2013–2014

FINANCIAL AID, FELLOWSHIPS, AND PRIZES

GENERAL INFORMATION

The Graduate School tries to ensure that all students will have sufficient resources from Harvard or other sources to support them while they work toward their degrees. Awards include support for tuition, fees, and living expenses in the form of grants, loans, teaching fellowships, research assistantships, and work-study jobs and are based on merit as well as need-related considerations. Approximately ninety-five percent of all graduate students receive financial support from Harvard or other sources.

The Financial Aid office staff provides information and counseling regarding costs and potential resources. Students are urged to consult the financial aid officer for their department.

Incoming students should follow instructions and, if appropriate, apply for financial aid by filing the Statement of Financial Resources included with the admissions application. Continuing students apply for aid by completing the GSAS financial aid application, due January 3, 2013.

First- and second-year students may receive grants to cover living expenses as well as tuition and fees. Ordinarily, students in the third and fourth years receive a fellowship that pays for tuition with living expense costs provided by teaching, research, or loans. Students must be making satisfactory progress, as defined by the academic department, to receive financial aid.

DIRECTOR OF FELLOWSHIPS

See Chapter XI, Director of Fellowships.

TEACHING FELLOWSHIPS

The GSAS considers teaching experience to be an integral part of graduate student education. Accordingly, teaching is a formal requirement in many GSAS departments and strongly encouraged in others. Specific departmental requirements are stated clearly in each department’s description in GSAS Programs of Study and in Chapter VI of the GSAS Handbook.

Teaching fellows (TFs) teach part-time as part of their training toward the PhD or, exceptionally, toward a master’s degree. Ordinarily, TFs must be registered as full-time resident students and be making satisfactory progress toward their degree. They are charged the appropriate resident tuition.

Graduate students are normally given the opportunity to teach at least sixteen “term fifths” during their degree programs. (A “fifth” is a fraction of time that represents twenty percent of a full-time teaching workload.) Ordinarily, a “fifth” is the equivalent of teaching one section in a lecture course. As a general rule, TFs should expect to spend roughly ten hours per week teaching, preparing and correcting class work, and advising students for every “fifth” assigned. Graduate student teaching is supervised and regularly evaluated by the faculty. The Derek Bok Center for Teaching and Learning also offers valuable teacher training.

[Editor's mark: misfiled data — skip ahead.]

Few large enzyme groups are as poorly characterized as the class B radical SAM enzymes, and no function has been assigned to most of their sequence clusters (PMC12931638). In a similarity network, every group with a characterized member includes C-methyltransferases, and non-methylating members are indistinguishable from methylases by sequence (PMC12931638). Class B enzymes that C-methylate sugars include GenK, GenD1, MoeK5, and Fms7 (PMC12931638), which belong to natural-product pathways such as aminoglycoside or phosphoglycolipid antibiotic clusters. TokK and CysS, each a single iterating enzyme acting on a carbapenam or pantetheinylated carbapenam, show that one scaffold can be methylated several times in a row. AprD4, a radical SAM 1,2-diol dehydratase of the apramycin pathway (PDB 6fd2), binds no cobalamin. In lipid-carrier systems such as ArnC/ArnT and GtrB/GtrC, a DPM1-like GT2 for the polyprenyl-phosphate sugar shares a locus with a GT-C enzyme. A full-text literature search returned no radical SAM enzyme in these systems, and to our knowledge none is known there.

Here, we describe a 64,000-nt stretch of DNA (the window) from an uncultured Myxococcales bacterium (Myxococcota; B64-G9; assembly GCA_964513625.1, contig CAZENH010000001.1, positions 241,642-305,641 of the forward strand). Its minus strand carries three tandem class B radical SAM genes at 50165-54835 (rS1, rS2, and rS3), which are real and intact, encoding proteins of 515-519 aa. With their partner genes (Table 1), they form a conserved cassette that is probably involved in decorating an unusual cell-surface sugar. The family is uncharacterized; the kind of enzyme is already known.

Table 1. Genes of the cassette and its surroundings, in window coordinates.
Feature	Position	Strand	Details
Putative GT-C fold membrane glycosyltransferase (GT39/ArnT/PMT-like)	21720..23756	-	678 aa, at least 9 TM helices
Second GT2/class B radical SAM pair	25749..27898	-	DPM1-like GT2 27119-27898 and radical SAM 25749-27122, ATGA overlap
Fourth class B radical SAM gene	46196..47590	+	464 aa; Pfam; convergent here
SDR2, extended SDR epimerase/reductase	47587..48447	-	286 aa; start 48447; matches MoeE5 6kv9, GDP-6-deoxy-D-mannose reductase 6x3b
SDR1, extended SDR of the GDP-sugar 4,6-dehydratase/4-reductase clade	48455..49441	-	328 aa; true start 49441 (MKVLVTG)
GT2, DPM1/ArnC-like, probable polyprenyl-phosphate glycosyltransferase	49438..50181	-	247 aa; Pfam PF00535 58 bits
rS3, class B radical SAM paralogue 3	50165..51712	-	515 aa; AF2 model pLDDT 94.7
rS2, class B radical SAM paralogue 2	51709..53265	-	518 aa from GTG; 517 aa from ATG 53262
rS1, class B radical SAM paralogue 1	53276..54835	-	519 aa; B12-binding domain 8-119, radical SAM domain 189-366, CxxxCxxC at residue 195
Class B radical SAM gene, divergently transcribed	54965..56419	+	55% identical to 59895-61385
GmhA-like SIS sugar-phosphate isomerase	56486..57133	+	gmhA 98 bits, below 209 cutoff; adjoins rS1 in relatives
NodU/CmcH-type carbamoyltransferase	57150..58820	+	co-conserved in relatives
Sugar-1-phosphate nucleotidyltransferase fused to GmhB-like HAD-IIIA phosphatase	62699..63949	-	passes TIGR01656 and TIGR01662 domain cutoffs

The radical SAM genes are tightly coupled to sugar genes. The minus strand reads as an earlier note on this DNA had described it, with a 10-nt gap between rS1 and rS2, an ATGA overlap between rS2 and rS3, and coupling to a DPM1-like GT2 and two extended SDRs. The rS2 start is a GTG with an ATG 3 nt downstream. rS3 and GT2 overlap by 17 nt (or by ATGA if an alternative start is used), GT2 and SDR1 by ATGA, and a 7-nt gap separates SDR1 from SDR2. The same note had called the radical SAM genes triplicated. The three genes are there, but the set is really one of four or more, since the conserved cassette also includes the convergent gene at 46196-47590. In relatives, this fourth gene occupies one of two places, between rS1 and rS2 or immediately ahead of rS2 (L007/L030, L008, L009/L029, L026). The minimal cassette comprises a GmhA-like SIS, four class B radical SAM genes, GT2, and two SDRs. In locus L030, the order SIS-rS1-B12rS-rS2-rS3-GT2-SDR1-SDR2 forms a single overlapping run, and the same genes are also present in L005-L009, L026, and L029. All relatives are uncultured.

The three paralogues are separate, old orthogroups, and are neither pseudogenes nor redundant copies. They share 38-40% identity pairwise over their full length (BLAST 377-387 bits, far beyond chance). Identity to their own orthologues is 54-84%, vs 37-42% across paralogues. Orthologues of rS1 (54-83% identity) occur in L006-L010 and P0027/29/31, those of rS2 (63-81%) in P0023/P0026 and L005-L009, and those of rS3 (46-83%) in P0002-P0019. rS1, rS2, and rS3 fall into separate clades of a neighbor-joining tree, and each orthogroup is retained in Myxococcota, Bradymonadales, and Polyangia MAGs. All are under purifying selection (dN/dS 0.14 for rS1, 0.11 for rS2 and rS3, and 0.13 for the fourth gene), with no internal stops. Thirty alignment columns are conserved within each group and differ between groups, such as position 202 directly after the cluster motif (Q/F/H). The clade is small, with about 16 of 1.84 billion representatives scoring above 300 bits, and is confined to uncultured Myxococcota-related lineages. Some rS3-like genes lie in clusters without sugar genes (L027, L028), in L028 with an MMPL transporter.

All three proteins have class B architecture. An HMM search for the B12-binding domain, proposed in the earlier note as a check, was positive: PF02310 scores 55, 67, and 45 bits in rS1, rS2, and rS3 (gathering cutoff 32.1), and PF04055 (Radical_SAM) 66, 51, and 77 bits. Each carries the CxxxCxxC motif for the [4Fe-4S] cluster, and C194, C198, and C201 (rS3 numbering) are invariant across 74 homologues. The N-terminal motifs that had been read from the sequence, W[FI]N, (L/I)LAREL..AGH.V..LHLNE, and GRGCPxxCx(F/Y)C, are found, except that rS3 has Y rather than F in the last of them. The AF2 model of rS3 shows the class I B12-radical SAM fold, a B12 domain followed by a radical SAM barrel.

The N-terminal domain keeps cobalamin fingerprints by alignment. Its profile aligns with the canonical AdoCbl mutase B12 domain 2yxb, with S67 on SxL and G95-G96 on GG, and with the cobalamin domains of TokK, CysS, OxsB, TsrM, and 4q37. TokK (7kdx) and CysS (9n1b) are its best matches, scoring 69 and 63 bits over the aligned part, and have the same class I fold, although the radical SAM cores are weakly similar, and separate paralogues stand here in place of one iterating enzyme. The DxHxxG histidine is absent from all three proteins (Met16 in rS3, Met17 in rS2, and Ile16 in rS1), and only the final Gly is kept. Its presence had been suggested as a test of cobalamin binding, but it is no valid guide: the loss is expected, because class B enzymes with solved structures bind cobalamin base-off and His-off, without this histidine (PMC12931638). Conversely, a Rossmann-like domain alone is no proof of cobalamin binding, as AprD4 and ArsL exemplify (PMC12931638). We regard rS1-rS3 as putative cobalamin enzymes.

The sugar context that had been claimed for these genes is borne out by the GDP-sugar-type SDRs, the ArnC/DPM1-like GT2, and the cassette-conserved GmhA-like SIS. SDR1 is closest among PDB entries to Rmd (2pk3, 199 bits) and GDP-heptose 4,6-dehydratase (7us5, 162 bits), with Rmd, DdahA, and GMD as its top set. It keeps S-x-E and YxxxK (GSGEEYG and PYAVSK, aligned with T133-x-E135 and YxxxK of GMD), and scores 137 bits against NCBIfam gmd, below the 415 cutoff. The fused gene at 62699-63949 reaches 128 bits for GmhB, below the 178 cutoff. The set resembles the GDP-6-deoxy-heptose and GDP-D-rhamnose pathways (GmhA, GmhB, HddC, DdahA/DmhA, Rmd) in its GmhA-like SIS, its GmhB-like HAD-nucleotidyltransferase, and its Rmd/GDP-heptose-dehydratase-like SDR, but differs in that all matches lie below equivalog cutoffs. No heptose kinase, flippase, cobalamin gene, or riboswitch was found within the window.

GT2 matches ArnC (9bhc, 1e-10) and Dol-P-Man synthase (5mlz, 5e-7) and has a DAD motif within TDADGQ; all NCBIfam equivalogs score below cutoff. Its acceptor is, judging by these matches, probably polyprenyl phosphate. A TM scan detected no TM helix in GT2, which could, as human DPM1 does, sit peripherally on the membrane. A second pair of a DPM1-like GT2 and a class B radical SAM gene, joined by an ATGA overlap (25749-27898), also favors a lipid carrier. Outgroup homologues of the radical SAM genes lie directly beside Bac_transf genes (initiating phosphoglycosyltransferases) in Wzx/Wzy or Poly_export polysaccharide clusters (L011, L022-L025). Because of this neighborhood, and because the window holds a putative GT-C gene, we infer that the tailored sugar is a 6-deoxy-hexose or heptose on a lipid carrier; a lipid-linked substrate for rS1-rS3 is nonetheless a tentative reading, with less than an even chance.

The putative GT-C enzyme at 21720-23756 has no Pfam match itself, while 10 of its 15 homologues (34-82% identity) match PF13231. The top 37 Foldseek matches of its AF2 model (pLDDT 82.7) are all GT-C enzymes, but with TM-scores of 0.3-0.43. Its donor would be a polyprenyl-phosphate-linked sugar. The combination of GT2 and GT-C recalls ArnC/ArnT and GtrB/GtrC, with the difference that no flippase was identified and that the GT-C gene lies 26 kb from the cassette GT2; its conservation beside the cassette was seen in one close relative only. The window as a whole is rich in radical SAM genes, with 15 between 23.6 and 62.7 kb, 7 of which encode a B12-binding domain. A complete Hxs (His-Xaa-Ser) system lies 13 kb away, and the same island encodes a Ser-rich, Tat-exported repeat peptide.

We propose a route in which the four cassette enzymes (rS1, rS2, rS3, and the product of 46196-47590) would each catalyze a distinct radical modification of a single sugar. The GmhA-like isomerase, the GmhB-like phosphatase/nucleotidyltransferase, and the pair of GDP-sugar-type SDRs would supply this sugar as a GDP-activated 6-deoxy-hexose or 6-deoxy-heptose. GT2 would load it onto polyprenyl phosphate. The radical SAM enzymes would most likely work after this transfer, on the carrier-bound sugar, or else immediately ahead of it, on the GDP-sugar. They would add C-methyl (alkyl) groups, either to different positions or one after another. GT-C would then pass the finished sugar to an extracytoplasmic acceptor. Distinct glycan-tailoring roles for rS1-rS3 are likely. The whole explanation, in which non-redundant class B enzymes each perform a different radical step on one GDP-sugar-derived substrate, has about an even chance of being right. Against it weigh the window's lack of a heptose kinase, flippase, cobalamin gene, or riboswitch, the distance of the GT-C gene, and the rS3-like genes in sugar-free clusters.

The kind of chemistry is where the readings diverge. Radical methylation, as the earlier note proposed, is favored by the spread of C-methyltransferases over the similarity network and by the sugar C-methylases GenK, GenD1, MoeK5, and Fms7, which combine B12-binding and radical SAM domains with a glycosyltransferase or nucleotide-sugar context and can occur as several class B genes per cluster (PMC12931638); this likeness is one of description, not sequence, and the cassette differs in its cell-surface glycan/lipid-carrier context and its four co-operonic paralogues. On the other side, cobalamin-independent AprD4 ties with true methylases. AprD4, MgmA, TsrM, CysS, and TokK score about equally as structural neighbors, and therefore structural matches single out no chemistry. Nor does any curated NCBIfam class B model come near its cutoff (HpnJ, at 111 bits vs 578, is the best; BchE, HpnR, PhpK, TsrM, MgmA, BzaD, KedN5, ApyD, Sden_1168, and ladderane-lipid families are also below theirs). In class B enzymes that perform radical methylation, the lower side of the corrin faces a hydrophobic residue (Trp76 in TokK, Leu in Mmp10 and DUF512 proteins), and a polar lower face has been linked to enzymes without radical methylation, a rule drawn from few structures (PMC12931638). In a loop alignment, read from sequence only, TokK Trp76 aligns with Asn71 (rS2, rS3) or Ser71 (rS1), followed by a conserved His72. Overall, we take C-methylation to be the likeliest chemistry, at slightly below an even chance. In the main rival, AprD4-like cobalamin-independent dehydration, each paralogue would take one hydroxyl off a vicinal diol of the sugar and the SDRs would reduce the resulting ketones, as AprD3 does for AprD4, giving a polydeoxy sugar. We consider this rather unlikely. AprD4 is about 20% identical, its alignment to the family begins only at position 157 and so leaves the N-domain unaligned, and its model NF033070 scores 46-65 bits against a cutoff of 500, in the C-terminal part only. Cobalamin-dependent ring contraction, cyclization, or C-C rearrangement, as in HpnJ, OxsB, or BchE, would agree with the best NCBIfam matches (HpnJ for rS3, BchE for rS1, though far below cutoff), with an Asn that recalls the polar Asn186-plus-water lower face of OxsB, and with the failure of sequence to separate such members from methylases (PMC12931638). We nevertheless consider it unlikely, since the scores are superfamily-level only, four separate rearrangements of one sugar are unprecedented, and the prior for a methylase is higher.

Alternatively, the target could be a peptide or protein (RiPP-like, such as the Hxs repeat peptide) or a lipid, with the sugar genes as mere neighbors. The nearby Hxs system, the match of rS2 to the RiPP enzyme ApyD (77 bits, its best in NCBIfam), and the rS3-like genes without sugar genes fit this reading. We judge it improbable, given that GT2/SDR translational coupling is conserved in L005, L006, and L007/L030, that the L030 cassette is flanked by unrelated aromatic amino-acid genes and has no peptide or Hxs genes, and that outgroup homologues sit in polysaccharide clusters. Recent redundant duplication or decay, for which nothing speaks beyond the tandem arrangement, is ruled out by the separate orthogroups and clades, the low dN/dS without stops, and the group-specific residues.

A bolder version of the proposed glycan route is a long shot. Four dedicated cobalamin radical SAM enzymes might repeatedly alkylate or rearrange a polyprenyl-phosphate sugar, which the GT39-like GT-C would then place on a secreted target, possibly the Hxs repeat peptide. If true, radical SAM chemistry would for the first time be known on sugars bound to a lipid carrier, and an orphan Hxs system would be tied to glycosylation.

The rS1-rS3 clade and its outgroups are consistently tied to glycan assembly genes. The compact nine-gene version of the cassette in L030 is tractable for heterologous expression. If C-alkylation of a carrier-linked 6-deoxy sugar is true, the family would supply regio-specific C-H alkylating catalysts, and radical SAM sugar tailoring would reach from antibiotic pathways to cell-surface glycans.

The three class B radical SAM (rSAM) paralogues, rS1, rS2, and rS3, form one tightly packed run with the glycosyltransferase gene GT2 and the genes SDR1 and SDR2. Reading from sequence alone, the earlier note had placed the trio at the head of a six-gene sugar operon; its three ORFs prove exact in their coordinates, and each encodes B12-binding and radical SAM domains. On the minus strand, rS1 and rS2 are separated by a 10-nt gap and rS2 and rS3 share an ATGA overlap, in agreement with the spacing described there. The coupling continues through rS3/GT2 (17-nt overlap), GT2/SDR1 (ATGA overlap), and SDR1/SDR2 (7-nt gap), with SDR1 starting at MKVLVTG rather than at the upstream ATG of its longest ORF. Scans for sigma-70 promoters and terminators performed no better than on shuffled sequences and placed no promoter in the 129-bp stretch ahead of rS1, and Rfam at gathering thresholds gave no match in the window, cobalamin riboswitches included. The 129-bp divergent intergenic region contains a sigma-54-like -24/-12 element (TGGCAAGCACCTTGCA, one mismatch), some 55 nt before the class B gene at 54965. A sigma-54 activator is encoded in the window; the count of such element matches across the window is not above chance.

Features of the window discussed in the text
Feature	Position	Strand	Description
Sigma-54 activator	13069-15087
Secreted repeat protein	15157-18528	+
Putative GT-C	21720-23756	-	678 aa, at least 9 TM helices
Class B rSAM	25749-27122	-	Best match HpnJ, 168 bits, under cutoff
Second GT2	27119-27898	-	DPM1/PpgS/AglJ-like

PhD candidates in the Humanities and Social Sciences ordinarily do not teach until their third (G3) year. A second-year student may request permission to teach by sending a request to the Dean for Admissions and Financial Aid that describes the academic basis for an exception and is accompanied by the endorsement of his or her advisor. Second-year students in the Humanities and Social Sciences should not commit to a teaching appointment without prior approval. Ordinarily, a second-year student will be limited to 1/5 teaching per term or 2/5 in one term with no teaching in the other term of the academic year. Second-year students in the Natural Sciences should refer to their program’s teaching policy and consult their primary advisor to confirm their eligibility to accept a teaching position. First-year graduate students are not ordinarily eligible for appointments as teaching fellows. Exceptions to this rule may be granted to students who are certified as proficient in English and registered in certain natural science departments that have traditionally used TFs in their first year of graduate study.

After the second year, graduate students who have not completed their academic residence requirements (a minimum of two years of full-time study in residence) and who have not passed their departmental PhD qualifying examinations may hold up to a maximum of a 2/5 time teaching fellowship. Graduate students who have completed both their academic residence requirements and passed their departmental PhD qualifying examinations may hold up to a maximum of a 6/5 time teaching fellowship for the academic year. No graduate student may hold more than a 4/5 time appointment in any one term. Graduate students teaching more than 6/5 during the academic year must register to be on Leave of Absence rather than In Residence.